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How ‘the smart and clever’ Jon Stewart was made a donkey by Fidel Castro’s agents

How 'the smart and clever' Jon Stewart was made a donkey by Fidel Castro’s agents

“All I know about Cuba in the 1950s I learned from the Godfather II!” (Jon Stewart, July 23, 2008)

Jon Stewart’s snark-fest against Fox News this week over Benghazi finally prompted a rebuttal (of sorts) from Greta Van Susteren:

“Note to Jon Stewart, (who I think is smart and clever …but like the rest of us, not always right…) but a comedian has, of course, way more latitude – we in the media should get it right.”

This “latitude,” however, should not allow Jon Stewart to disseminate propaganda from Castro’s KGB-founded and mentored intelligence services uncontested. “I LOVE this book!” Jon Stewart gushed upon greeting author TJ English who a few years ago was publicizing his book titled, How the Mob Owned Cuba, and Lost it to the Revolution on The Daily Show.

“This is the TRUE story of Cuba!” continued the Peabody award winner (for meritorious public service), barely containing himself. “A fascinating book!” hailed Stewart.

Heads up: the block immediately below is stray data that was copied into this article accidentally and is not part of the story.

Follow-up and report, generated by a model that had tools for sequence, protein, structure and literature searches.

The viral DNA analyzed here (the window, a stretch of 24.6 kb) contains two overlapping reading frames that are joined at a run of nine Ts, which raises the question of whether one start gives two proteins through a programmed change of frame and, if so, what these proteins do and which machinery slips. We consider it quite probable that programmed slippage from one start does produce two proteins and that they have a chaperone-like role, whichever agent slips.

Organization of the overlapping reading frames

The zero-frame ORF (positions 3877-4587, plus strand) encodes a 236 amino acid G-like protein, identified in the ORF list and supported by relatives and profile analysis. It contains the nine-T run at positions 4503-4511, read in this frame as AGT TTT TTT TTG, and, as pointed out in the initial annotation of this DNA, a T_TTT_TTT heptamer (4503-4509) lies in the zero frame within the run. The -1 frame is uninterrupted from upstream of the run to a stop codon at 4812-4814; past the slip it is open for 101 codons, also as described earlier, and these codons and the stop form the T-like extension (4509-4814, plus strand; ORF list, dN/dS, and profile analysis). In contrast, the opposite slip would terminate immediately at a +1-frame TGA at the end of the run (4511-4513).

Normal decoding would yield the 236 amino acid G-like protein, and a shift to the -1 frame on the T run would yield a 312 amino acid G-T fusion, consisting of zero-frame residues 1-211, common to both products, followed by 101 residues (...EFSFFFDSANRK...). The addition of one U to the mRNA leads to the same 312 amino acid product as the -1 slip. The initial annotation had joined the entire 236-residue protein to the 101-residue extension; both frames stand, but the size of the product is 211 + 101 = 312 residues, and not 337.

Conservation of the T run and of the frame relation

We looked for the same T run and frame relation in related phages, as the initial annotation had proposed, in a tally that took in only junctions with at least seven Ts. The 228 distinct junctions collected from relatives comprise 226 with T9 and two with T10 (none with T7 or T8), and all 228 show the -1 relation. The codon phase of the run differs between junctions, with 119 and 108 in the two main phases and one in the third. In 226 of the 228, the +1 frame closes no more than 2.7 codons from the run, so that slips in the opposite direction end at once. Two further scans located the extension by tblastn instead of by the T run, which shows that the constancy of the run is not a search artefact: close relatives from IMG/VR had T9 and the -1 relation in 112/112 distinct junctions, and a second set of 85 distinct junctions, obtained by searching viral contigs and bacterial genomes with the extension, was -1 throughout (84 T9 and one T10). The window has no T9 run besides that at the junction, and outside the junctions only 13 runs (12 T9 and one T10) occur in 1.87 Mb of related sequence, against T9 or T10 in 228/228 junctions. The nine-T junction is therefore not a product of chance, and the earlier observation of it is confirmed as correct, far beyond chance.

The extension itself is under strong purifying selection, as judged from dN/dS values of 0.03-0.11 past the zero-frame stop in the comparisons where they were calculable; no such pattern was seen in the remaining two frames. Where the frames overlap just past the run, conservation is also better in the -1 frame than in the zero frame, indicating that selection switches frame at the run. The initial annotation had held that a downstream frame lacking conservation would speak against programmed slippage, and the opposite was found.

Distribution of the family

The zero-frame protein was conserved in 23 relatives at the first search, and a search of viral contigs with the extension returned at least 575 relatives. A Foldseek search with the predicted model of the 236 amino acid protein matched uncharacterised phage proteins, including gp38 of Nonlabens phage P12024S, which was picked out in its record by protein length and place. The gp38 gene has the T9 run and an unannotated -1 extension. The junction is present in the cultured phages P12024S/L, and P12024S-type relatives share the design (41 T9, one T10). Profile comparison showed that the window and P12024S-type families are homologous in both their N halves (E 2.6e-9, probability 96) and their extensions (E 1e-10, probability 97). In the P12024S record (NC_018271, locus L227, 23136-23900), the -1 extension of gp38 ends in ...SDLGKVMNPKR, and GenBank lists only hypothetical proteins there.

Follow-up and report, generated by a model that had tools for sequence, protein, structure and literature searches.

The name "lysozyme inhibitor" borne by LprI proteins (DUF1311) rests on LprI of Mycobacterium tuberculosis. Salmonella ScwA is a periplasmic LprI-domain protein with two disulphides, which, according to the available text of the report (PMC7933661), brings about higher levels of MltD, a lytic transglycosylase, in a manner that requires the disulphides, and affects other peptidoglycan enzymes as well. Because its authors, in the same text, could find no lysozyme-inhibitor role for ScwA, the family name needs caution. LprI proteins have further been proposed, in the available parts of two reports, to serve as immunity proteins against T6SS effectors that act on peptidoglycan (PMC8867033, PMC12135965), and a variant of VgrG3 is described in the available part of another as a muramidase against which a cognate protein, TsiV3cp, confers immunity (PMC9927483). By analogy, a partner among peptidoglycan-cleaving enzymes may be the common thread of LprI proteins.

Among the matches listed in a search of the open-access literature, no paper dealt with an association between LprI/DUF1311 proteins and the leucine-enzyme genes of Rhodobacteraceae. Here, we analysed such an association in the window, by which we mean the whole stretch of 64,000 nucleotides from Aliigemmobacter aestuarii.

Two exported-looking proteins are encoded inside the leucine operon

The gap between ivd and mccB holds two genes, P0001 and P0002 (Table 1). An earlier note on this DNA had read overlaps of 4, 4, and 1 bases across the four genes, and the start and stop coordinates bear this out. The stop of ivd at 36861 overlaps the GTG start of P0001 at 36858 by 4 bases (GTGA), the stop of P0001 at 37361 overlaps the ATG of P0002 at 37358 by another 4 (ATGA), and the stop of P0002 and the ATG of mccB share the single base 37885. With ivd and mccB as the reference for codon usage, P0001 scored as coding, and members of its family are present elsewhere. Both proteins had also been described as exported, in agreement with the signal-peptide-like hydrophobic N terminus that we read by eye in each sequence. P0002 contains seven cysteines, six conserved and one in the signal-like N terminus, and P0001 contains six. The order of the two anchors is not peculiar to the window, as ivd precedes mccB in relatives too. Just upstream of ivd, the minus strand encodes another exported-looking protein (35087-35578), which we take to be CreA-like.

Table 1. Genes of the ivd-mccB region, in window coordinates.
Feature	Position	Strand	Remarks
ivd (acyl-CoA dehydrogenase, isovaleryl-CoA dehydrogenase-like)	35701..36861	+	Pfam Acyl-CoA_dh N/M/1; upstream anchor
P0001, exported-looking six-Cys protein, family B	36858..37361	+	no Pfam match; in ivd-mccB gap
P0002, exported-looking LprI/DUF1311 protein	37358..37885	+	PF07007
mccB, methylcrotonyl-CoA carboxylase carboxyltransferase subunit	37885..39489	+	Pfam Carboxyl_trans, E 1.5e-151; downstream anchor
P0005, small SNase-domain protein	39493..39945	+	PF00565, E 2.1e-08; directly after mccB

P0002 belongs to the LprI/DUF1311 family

Unknown to “The smartest guy in the Comedy Central room,” Stewart, the primary source for English’s book, cited no fewer than 72 times in quotes and footnotes, is an intelligence apparatchik of Castro’s totalitarian regime named Enrique Cirules.

In fact, Senor Cirules is an official of Cuba’s “La Casa de las Americas” agency that publishes and promotes the Castro regime’s propaganda in books and articles under the guise of “art.”  In 1983, a high-ranking Cuban intelligence officer named Jesus Perez Mendez defected to the U.S. and spilled his guts to the FBI. Among his spillings we encounter the following: “The Cuban DGI (Directorio General de Inteligencia, Castro’s KGB-trained Secret service) controls Casa de las Americas.”

“We were hoping to have Senor Perez-Mendes on tonight to contribute his views on the veracity of your book’s claims, Mr. English,” would have been a properly snarky Stewart introduction to English. “But were thwarted upon discovering that he lives under FBI protection for fear of being assassinated by the KGB-trained folks who hosted you in Cuba and collaborated with you in writing the book!”